The Effect of Deep Oscillation on the Lymphatic System

Oedema and haematomas result from bleeding and destruction or damage of lymphatic capillaries by mechanical or surgical trauma. In the acute inflammatory phase of wound debridement, there is also increased phagocytosis and a generally higher need for the transport of extracellular protein, blood cells and other particles, this results in an enormous interstitial increase in the lymphatic load.


As a result, post-traumatic oedema develops by overloading the lymph transport system and backing up in the interstitial space, despite the increase in the lymphatic flow rate.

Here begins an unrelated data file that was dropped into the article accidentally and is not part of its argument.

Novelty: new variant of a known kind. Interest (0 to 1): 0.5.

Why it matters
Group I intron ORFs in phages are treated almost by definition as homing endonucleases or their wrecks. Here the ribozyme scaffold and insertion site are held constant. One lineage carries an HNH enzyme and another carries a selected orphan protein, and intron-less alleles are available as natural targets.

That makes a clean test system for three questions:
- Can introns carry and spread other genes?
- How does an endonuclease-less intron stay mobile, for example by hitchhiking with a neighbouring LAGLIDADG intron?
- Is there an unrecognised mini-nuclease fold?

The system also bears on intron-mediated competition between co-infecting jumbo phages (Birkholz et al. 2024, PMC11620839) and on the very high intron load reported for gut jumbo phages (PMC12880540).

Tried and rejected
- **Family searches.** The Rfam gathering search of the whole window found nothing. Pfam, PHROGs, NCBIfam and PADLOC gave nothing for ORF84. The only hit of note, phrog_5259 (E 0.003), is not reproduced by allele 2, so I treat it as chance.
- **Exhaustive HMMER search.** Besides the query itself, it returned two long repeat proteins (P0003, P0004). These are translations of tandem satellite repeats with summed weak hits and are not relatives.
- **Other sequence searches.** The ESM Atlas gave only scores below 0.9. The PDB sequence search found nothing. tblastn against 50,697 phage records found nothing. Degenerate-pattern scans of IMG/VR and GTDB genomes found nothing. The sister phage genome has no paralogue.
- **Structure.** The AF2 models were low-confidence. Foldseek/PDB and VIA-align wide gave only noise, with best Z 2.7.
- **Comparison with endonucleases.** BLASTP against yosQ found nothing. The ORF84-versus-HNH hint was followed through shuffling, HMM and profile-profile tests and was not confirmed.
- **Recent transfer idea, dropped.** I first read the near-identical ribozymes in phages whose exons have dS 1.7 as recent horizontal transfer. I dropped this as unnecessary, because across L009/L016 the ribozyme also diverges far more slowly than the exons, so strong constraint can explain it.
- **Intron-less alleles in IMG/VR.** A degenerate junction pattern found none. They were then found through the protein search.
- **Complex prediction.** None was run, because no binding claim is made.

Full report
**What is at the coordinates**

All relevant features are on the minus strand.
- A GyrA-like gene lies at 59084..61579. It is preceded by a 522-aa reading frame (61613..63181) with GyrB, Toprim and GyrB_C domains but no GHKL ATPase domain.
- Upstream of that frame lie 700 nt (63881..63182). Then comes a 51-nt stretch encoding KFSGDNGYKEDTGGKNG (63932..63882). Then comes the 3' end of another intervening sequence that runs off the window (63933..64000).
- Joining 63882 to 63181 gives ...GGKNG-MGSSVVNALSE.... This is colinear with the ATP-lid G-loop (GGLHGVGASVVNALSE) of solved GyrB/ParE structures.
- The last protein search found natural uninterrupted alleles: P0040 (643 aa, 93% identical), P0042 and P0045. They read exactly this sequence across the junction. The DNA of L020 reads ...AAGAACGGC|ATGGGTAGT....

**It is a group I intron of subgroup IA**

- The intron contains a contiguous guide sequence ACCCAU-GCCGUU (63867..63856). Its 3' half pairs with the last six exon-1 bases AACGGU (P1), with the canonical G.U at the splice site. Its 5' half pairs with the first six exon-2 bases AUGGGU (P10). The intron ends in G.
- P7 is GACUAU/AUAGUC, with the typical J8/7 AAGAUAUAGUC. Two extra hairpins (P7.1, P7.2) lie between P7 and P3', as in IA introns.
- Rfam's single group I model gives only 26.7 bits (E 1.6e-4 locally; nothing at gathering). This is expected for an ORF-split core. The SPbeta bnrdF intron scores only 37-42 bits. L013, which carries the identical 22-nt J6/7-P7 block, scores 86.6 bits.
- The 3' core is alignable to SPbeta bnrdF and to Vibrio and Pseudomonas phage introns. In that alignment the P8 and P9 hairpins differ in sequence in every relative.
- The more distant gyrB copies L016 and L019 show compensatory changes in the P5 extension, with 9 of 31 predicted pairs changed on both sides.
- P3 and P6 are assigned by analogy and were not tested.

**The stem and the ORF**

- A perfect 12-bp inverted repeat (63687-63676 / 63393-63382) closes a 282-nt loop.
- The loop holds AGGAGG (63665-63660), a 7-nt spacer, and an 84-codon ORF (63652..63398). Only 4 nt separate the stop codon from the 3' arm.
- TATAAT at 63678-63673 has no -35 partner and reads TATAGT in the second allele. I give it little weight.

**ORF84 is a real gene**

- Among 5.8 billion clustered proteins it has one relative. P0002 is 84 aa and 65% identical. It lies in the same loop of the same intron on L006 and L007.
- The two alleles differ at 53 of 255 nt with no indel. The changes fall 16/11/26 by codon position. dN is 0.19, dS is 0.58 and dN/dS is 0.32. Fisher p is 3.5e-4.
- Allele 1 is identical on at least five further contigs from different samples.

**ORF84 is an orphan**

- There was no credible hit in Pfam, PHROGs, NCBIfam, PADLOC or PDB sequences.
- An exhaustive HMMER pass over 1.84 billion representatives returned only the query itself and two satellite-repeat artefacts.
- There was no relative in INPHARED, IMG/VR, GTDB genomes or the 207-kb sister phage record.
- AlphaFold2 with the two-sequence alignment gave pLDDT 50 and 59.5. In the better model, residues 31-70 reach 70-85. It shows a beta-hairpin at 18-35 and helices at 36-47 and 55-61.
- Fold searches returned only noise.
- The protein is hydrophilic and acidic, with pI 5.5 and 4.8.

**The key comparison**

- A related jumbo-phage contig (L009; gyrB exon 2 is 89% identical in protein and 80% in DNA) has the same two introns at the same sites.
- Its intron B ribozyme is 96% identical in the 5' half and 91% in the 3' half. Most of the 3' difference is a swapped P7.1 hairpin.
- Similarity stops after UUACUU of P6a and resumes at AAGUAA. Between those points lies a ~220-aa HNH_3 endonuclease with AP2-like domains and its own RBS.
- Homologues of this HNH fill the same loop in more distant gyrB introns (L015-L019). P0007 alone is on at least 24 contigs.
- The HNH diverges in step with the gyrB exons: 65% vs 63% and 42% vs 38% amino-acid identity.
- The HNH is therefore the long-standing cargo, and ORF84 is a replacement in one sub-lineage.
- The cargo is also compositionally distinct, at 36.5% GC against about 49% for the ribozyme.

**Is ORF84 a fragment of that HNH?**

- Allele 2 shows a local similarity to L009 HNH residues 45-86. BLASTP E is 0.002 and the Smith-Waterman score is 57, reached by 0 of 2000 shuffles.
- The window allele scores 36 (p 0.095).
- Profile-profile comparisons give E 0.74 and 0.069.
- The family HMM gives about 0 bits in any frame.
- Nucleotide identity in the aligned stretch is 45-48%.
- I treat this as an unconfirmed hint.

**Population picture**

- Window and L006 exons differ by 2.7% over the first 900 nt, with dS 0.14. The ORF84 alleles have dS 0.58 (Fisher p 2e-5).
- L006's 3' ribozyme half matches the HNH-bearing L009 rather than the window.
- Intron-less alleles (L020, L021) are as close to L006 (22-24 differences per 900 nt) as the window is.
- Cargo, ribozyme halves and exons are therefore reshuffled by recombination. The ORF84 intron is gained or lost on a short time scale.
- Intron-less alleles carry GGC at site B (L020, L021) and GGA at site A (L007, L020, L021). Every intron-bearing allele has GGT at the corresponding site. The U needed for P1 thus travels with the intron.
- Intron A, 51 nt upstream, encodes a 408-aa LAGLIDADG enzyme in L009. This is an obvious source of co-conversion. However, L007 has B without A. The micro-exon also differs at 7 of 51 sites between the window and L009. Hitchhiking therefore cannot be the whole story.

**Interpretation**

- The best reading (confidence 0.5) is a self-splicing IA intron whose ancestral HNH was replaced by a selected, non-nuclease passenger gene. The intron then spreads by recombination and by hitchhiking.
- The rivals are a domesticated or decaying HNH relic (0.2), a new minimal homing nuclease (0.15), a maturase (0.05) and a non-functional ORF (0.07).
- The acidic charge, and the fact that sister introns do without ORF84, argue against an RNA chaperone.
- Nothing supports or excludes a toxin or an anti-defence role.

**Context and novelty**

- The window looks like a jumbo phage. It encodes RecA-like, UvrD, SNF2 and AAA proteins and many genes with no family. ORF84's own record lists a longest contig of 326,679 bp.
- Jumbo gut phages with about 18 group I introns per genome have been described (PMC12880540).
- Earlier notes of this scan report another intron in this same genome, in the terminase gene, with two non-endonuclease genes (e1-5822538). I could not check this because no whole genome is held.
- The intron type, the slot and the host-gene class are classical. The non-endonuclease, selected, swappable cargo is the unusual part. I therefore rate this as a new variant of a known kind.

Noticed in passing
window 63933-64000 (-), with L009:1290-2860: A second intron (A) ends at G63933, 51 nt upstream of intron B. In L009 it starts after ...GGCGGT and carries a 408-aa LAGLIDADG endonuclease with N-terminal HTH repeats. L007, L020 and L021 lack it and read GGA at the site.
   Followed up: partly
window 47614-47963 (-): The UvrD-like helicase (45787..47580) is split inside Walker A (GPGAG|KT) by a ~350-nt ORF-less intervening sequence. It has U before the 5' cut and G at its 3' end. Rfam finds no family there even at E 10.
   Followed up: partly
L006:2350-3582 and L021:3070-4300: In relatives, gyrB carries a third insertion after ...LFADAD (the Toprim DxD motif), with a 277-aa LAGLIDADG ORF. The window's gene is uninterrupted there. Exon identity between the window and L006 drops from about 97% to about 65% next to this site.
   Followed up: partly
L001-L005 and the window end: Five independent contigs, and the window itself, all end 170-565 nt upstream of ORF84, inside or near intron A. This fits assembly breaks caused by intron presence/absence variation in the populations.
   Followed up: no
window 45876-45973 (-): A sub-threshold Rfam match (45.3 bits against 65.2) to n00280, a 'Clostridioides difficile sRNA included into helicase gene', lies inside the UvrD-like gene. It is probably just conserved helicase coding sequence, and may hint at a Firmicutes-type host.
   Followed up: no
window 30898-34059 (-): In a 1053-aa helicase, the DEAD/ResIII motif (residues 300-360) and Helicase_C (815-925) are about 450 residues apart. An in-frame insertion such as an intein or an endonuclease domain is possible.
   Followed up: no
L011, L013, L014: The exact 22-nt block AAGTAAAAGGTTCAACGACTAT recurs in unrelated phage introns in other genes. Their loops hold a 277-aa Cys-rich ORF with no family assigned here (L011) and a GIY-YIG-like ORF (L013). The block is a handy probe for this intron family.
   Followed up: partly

Several clinical studies have shown increased resorption of subcutaneous oedema by deep oscillation. Two hypotheses can explain this.

One would be that mechanical stimulation at the level of the interstitial ground substance produces a mixing of materials to be transported with the lymph, enhances its distribution and thus increases the surface area for resorption.

Another would be that mechanical impulses generate deforming forces that act on the collagenous fibre structures of the interstitial space, and these apply tensile forces to the endothelial layer of the initial lymphatic vessels (the lymph capillaries and pre-collectors) via anchor filaments. This way, they could open junctions in the endothelial layer for fluid inflow and assist the interstitial drainage mechanism.

The lymphatic system contributes to homeostasis by influencing the volume of extracellular fluid, the interstitial protein concentration and the tissue pressure.